But perhaps more, because, as a believer, I want agree with the dying elder, Fr. Zosima. After Ivan’s intellectual “rebellion,” subsequent chapters give Dostoyevsky’s account of the elder’s life and teachings. They too, like Ivan’s words, are compelling and not easily summarized. Suffice here to say that Zosima’s wrestling with good and evil is grounded in his understanding of the Christian Gospel – his focus on God’s mercy and forgiveness, on love of neighbor as the essence of human life, and on the fact that love in reality, not just in words and dreams, is so often “a harsh and dreadful thing” whose exemplar is the suffering Jesus.
Many think that Zosima’s teachings are Dostoyevsky’s attempt to refute Ivan and the atheism which he represents. Yet I think it is far more accurate to suggest that, as a novelist, Dostoyevsky writes less to provide answers than to challenge his readers to face “the eternal question” for themselves.
And as I’ve suggested, this pandemic – this plague – may have raised that challenge again, at least for many of us.
6. So let me end on a perhaps provocative note.
As I see it, we are today witnessing a great (if mostly implicit) affirmation of Zosima’s gospel proclamation about real and costly love of neighbor. By “front-line” women and men, but also right on the street where we live, in the places where we shop, in the many good people whose stories are now carried in our media. Also in what seems a growing awareness of the needy, the ill and unemployed and homeless among us. I clearly know that these many folks are a mix of humanists and believers, of Jews and Muslims and others as much as Christians. Yet I firmly believe that they have, by their active love of neighbor, joined Zossima against Ivan.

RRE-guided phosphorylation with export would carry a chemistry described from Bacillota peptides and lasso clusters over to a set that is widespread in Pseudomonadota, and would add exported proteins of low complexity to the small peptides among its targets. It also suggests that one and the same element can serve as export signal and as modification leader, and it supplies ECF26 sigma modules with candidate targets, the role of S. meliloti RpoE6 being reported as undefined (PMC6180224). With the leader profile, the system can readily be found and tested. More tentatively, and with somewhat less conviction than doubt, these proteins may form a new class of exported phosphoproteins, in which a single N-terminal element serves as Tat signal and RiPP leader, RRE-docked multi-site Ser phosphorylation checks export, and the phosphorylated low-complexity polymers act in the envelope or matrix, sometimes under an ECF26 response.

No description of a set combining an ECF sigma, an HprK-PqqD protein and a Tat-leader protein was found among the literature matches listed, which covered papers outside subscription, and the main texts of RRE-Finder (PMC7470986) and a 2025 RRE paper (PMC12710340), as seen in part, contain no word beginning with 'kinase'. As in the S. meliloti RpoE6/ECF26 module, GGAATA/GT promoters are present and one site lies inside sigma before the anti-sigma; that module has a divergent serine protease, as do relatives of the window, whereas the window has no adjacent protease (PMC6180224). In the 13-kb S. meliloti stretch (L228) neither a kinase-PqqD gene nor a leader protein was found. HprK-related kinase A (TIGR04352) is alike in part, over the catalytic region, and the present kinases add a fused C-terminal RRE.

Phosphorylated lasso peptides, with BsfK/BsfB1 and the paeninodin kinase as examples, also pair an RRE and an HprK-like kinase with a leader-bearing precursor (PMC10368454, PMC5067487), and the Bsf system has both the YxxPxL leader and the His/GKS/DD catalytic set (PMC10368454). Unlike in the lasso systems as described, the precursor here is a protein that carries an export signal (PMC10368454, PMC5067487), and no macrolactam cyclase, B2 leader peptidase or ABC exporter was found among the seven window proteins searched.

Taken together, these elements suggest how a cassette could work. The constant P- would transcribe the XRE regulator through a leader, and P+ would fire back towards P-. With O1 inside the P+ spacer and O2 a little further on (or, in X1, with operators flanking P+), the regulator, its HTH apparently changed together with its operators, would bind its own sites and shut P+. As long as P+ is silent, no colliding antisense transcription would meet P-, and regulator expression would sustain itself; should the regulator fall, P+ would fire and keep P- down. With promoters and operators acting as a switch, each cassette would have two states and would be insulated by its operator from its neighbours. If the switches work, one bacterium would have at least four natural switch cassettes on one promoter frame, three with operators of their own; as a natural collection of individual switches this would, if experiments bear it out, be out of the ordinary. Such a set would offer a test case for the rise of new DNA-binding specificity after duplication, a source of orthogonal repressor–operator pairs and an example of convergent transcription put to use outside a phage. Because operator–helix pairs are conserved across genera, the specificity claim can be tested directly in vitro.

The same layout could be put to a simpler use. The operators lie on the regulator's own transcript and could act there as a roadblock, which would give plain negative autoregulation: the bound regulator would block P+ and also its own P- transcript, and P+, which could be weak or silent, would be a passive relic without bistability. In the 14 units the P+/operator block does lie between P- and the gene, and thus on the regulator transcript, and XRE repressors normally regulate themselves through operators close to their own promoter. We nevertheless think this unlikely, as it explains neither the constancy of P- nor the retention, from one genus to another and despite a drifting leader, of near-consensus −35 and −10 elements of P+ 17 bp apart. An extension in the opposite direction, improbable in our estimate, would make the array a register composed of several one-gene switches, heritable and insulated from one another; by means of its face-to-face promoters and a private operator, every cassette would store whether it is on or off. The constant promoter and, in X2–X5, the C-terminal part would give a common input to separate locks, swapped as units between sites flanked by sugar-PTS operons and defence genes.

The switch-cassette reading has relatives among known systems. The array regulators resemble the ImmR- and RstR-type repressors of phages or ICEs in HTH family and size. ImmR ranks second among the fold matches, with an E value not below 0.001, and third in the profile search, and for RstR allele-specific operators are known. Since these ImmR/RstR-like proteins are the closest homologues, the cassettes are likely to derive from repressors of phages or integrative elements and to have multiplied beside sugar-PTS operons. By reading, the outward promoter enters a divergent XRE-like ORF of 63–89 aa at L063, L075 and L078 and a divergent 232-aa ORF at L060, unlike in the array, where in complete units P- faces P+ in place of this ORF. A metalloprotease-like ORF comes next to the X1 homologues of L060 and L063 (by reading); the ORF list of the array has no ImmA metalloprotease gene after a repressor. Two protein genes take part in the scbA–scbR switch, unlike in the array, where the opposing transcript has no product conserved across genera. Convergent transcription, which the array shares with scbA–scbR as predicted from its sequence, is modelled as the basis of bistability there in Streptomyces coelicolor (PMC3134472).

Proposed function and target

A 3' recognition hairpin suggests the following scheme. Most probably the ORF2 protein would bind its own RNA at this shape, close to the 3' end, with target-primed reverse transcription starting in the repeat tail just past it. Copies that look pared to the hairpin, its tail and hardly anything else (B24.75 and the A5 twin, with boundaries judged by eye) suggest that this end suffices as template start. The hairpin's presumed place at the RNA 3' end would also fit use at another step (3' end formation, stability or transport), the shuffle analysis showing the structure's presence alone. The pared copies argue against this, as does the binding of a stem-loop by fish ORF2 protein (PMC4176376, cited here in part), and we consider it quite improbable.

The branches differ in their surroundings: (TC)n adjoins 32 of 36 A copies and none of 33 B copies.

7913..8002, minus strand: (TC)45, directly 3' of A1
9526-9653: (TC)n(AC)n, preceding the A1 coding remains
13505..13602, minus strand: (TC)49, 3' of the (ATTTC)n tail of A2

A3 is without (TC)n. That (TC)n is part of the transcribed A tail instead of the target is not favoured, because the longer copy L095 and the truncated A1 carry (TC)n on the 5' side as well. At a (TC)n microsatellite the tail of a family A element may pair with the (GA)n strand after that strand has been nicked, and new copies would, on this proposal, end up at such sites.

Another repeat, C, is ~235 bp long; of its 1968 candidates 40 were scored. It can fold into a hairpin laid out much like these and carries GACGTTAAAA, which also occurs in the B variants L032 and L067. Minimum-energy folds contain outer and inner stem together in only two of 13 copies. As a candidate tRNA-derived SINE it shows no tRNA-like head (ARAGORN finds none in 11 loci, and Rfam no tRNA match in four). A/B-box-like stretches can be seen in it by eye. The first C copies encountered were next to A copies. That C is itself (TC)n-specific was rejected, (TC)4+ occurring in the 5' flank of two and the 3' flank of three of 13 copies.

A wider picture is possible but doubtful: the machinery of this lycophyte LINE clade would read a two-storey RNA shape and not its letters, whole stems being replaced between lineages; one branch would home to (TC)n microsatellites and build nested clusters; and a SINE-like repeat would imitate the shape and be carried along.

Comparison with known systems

Just as I fear that Ivan’s side of the story will continue to play itself out in the actions of those among us who are fundamentally motivated (whatever their pious professions) by rapacious greed and power lust. Our many second-rate nihilists.
In the end, like all of Dostoyevsky’s major characters, like most of our heroes and neighbors and perhaps even some of our nihilists, we too live between good and evil — in the tension of opposing passions. And the challenge (for a time of pandemic isolation) may be that of discerning their movements in our lives (and our world) and then seeking to shift in ourselves (and in our world) the “balance” between them.
Ps. I regret I have not commented on the complex passions for good and evil found in the book’s two central women, Katya and Grushenka.